We will describe our journey from a process where design/planning work was performed away from development to one where small cross-functional Feature Teams self-organized to complete design, planning, and construction within the same sprint. Each team member is involved in getting READY, planning, executing and being DONE. The results we observed are an increase in team morale, more predictable results and accumulation of less debt, while maintaining a constant velocity. Our process is a deviation from the established approach where upfront work needs to be ready before starting a sprint.
How do you scale Scrum to hundreds of people? This presentation will explain a way of organizing your development so that it scales up well. It involves breaking the link between architecture and organization, breaking code ownership and organize the development in a more customer centric way. This has its drawbacks too! These are explained and some techniques for overcoming these drawbacks are discussed. This talk is based on the “feature teams” and “requirement areas” chapters in the recently published “Scaling Agile & Lean Development” by Bas Vodde and Craig Larman.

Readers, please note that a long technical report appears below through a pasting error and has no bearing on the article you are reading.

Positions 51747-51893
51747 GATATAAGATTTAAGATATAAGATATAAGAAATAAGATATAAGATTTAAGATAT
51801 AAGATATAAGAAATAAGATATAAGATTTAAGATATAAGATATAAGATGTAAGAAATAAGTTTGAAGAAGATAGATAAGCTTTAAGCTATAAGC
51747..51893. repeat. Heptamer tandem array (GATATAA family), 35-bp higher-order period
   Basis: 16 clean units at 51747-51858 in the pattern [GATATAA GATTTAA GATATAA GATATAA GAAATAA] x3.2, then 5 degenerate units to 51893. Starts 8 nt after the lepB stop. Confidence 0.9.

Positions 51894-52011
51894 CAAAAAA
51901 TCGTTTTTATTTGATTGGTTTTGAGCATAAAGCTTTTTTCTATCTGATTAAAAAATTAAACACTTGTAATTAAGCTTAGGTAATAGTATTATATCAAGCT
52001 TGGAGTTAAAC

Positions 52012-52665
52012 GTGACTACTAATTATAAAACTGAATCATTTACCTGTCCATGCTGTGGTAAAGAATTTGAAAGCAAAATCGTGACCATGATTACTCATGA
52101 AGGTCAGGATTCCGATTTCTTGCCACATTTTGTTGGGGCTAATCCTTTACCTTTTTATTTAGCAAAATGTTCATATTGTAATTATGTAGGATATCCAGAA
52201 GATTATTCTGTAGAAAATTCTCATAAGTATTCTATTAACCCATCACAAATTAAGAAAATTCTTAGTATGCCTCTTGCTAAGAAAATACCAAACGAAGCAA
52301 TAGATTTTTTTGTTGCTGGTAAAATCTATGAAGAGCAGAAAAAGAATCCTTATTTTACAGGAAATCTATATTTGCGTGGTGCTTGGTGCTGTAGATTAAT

In 2005, Microsoft’s DevDiv (with 2000 participants and 40 million lines of code) overhauled its engineering practices to improve agility, quality, and customer satisfaction. Four years into the journey, customer satisfaction has increased dramatically. Product quality improved 10x. Velocity improved 2x, with schedule time for major releases was cut by eighteen months and quarterly releases of “power tools” allowed incremental delivery to external customers. Practices that change include planning, org, quality gates, branching, testing, tooling, reporting, backlogs, transparency.